Sometimes it takes a while to understand why you should fall in love with a band and why they’re important.
For Lush, despite the critical acclaim they received in the 90s, they weren’t granted the same level of seriousness as their peers. However, after last year’s exhaustive boxset Chorus, Lush have undergone a reappraisal, focussed on the music, rather than the fact that they liked a beer.
Part of the impetus for Lush’s return has its foundations in the success of the reunions of their comrades from the shoegaze scene Ride and Slowdive, but more importantly the time feels right. Indeed, while Lush were very much part of that genre initially, their love of pop music made them seem like an outlier. In interviews and live they were self-depreciating and ultimately fun. They were also very English - guitarist Emma Anderson wrote a brilliant piece for us about Kate Bush, and her observations on Bush’s songs mixing etiquette with sex, could equally be applied to her own band.
After the announcement of their first live dates, 20 years since they spilt after the untimely death of drummer Chris Acland, Lush also did something very unusual - they recorded new material. Even more unusually, their four new songs are wonderful, not simply a reminder of their legacy, but as good as the best of their back catalogue.
Stylistically Blind Spot harks back to earlier EP’s such as Mad Love, with the music sounding both vast and intimate, but it’s not simply a re-tread. There’s the sound of time passing – they’re reflective, older and wiser, yet all of these songs could slot seamlessly into their live set.
The last time Lush released an album - their biggest commercial success, 1996s Lovelife - they had their eyes firmly set on the charts. Anderson recently declared it her least favourite Lush record. As a result the Blind Spot EP turns its back on the Elastica-ism’s of songs such as “Single Girl”, to the far more rewarding experiments in marrying ethereal guitar-effects with spacey vocals of songs such as the rush of energy that was “De-Luxe” or the heartbreak of “Sweetness and Light”.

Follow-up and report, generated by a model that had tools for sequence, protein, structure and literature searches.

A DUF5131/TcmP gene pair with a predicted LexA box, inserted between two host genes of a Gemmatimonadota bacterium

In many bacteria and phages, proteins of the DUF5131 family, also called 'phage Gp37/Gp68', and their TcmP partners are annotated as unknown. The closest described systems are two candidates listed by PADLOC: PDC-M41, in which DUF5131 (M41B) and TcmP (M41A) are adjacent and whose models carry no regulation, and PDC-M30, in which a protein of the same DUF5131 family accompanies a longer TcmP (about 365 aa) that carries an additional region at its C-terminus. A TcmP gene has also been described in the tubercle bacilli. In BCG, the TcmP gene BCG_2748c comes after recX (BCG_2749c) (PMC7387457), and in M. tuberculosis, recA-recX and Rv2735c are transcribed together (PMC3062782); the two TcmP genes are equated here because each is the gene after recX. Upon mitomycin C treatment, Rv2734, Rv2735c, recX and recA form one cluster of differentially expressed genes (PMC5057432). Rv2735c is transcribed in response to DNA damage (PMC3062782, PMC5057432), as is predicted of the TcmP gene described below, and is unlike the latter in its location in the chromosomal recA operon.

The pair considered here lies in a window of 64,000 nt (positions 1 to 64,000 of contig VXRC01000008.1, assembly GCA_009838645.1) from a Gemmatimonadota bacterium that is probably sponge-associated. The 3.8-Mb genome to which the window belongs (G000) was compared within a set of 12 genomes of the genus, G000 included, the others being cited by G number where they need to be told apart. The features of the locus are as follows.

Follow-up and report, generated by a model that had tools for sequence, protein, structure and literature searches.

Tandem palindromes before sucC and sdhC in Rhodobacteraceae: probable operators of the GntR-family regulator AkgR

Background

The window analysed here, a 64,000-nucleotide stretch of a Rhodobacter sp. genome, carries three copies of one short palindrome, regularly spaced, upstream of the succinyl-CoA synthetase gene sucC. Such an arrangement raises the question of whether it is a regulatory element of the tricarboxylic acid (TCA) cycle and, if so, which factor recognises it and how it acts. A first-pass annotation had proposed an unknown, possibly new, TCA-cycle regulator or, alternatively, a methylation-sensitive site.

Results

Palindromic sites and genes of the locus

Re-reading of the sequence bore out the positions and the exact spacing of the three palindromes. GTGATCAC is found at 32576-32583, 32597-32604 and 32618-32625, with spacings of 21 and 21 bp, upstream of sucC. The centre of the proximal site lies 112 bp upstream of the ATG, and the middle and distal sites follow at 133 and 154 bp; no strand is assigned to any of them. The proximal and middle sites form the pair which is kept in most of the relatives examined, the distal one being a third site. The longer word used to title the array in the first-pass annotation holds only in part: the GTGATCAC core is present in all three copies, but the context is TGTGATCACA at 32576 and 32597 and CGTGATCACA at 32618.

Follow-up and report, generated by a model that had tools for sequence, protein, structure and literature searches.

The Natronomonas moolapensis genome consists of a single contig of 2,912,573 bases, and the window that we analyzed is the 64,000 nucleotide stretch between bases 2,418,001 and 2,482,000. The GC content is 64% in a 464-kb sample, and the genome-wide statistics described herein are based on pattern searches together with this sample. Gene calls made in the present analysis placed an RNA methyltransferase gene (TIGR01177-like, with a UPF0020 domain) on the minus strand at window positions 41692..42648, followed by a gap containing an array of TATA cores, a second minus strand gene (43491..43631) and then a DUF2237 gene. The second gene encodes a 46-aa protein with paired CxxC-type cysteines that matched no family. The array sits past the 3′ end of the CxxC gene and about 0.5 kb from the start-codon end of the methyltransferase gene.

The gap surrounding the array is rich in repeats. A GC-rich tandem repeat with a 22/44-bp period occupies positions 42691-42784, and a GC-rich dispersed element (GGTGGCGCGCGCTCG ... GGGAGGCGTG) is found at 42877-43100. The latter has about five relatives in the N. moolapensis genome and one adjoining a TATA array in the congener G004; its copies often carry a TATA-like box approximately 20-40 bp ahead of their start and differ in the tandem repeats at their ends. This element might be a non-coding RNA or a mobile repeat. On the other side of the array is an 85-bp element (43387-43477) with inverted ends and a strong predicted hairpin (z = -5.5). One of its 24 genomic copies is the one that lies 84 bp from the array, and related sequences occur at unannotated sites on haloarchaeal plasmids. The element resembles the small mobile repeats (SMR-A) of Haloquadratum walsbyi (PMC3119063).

From the opening seconds of lead song “Out Of Control” any fears that their new songs would sound like an addendum to their back catalogue are allayed. The waltz time chord structure is reminiscent of their tremendous “Thoughtforms”, with hints of flute and a lovely non-rockist guitar solo.
“Lost Boy” uses their ability to transform what could be an acoustic strum along into something far less earthbound, before being joined by the drums and touches of piano. “Burnham Beeches” is effervescently catchy bubblegum pop music, brought to life with glorious brass.
As much as Miki Berenyi has said that writing from the point of view of their younger selves wouldn’t feel right, lyrically the content doesn’t feel markedly different. But it's no bad thing that the words continue to dwell on love and all of its occasional uncertainty. They’ve all become parents since they’ve been away too, and the singing could almost be a lullaby to a child at times, quite literally so on the words “Goodnight my baby girl and dream of paradise” on “Rosebud”. With its sombre tone it’s the darkest cut here, possessing a brooding epicness akin to a sci-fi soundtrack.
What’s most impressive about the Blind Spot EP is not only how deftly Lush have mined the sound that made them a real treasure in the first place, but that they’ve matured without sounding tired, cash-in or merely nostalgic. The only grumble I have is nothing to do with the music, but the artwork - previously so splendidly arty and intriguin - looks it was created in PowerPoint. Yet with songs as good as these, never mind the cladding, here’s the return of Lush; it’s great to have them back.